The other day I made my first library (a 7-segment display controller) for my new Arduino Uno, following two nice tutorials. They both mention that it’s a good idea to make a keywords.txt file for new libraries, which gives hints to the Arduino IDE’s syntax highlighter. However, neither gives a thorough explanation of format of that file. I thought I would document my findings.

The built-in keywords are defined an a simple text file. On my computer, this lives at /Applications/Arduino.app/Contents/Resources/Java/lib/keywords.txt. Here’s how it starts:

[bash]# LITERAL1 specifies constants

HIGH LITERAL1 Constants
LOW LITERAL1 Constants[/bash]

The interesting thing here is that there are three fields which get parsed. Only the first two are useful.

  1. The keyword to highlight
  2. The type of keyword it is. This really just determines the color, but most people seem to use the following convention:
    • KEYWORD1 Classes, datatypes, and C++ keywords
    • KEYWORD2 Methods and functions
    • KEYWORD3 setup and loop functions, as well as the Serial keywords
    • LITERAL1 Constants
    • LITERAL2 Built-in variables (unused by default)
  3. Documentation page. This is used by the ‘Help<Find in Reference’ menu item. For example, the reference for HIGH in the example above would be file:///Applications/Arduino.app/Contents/Resources/Java/reference/Constants.html.

By default, Arduino 1.0 colors all the KEYWORD types orange, and all the LITERAL types blue. These defaults are set in the /Applications/Arduino.app/Contents/Resources/Java/lib/theme/theme.txt. Here’s the relevant snippet (the comments seem to be inaccurate or outdated):

[bash]# TEXT – KEYWORDS

# e.g abstract, final, private
editor.keyword1.style = #cc6600,plain

# e.g. beginShape, point, line
editor.keyword2.style = #cc6600,plain

# e.g. byte, char, short, color
editor.keyword3.style = #cc6600,bold

# TEXT – LITERALS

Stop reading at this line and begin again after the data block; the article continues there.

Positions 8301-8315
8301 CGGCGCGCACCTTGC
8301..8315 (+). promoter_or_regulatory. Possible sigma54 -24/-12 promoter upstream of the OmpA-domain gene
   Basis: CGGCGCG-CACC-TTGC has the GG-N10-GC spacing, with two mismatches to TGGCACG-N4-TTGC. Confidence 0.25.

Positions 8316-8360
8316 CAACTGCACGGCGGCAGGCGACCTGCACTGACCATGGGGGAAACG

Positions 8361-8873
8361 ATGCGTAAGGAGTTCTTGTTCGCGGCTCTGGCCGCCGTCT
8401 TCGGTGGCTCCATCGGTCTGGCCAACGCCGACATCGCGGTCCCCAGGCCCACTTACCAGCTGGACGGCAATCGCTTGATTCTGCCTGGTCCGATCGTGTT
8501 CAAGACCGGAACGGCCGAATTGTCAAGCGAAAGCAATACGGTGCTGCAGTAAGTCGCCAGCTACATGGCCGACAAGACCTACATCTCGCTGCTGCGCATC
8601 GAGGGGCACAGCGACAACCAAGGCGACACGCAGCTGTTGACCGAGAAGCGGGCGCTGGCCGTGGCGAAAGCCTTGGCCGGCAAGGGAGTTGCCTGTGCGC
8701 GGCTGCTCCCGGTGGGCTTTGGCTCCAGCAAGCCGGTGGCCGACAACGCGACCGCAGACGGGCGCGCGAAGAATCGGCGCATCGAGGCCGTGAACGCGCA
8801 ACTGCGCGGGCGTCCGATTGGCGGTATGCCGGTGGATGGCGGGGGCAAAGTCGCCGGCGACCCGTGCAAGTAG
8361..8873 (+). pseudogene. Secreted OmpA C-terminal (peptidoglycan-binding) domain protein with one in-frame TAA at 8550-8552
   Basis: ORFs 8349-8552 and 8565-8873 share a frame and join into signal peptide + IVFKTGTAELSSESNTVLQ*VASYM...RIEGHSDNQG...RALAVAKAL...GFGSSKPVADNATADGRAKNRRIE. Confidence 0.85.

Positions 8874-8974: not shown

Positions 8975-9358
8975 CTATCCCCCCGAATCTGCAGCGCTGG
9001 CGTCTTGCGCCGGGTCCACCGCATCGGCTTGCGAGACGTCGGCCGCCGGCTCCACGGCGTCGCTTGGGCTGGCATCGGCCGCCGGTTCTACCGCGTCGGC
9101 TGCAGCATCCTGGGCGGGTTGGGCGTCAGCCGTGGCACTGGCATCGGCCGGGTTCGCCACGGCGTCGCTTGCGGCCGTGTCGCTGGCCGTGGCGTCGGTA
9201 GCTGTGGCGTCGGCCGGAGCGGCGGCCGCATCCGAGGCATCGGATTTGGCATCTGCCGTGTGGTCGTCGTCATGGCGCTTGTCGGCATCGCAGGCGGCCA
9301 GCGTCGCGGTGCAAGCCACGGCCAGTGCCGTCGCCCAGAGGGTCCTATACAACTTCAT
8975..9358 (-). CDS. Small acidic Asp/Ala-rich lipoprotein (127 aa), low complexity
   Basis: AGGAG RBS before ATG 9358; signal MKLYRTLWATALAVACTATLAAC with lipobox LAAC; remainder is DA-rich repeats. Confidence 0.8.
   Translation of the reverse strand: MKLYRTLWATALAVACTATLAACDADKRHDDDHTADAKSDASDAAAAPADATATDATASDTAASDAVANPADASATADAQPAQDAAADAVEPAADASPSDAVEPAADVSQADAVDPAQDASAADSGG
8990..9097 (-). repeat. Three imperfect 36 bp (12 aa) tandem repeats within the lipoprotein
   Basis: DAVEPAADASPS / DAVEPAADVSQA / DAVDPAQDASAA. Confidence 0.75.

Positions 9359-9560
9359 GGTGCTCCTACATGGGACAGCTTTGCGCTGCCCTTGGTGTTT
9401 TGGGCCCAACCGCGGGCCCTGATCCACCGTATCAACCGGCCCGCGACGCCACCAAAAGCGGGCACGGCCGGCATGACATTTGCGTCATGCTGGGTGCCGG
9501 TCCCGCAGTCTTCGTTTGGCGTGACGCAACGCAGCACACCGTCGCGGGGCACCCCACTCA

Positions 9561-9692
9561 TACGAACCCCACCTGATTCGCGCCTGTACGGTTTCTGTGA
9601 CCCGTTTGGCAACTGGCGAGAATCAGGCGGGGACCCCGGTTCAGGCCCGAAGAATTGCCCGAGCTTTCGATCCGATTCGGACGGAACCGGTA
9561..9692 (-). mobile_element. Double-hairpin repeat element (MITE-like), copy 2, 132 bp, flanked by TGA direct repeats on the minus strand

# constants: e.g. null, true, this, RGB, TWO_PI
editor.literal1.style = #006699,plain

# p5 built in variables: e.g. mouseX, width, pixels
editor.literal2.style = #006699,plain[/bash]

Just change any of the hexadecimal colors. I like the following:

[code]editor.keyword1.style = #cc6600,plain
editor.keyword2.style = #993300,plain
editor.keyword3.style = #993300,bold
editor.literal1.style = #006699,plain
editor.literal2.style = #0099CC,plain[/code]

If loop and setup aren’t showing up bold, you may be using Monaco, which doesn’t have a bold style. I recommend using another fixed-width font which does have a bold style, such as DejaVu Sans Mono. This can be set in the Arduino preferences file, ~/Library/Arduino/preferences.txt:

[code]editor.font=DejaVu Sans Mono,plain,10
editor.antialias=true[/code]

Make sure the Arduino IDE is not running, as it overwrites the preferences file upon exit.

12 thoughts on “Arduino IDE keywords

  1. Thanks for this. you should consider contributing it to the arduino playground site.

  2. One more. possibly known to others, but the method/function/class/etc and type of keyword should be tab separated.

    as in

    WireKEYWORD1

  3. Can you just tell me how to add a new field of Keyword… like i want to add “Keyword4”

    So want to use keyword4 in my library to give a different color to my functions and system functons.

    1. You would have to modify the Arduino IDE if you wanted to add an additional color to the syntax highlighter. It’s open source, so that should be possible. If you simply add ‘KEYWORD4′ lines to your keywords.txt they will probably be ignored by the file parser, or could possibly result in an exception.

  4. Thank you so much for posting! Thanks for sharing!

    FYI, I created an Arduino DC Motor class and a few keywords are properly highlighted (such as the name of the class ArduinoDCMotor and member functions stop, speed, etc) and other functions are not being heighlighted (such as run, brake, roll)

    I wonder if member function names such as brake are conflicting with other keywords?

    I would appreciate if you knew something about it. But first and foremost thank you for your post!

  5. Fixed the issue:
    Just for completeness. I was using emacs and using only on tab between my keyword and KEYWORD1 (etc)

    But somehow the tabs where not correct.

    Rewrote the file in gedit and now it works…

    Thanks again!

    1. Glad you fixed it. Emacs is often configured to auto-expand tabs into spaces, but it should be possible to turn this off. I use vi myself…

  6. In Windows 7, this file appears to be just off the root of the Arduino install, such as arduino-1.0.5lib

    Thanks for posting this!

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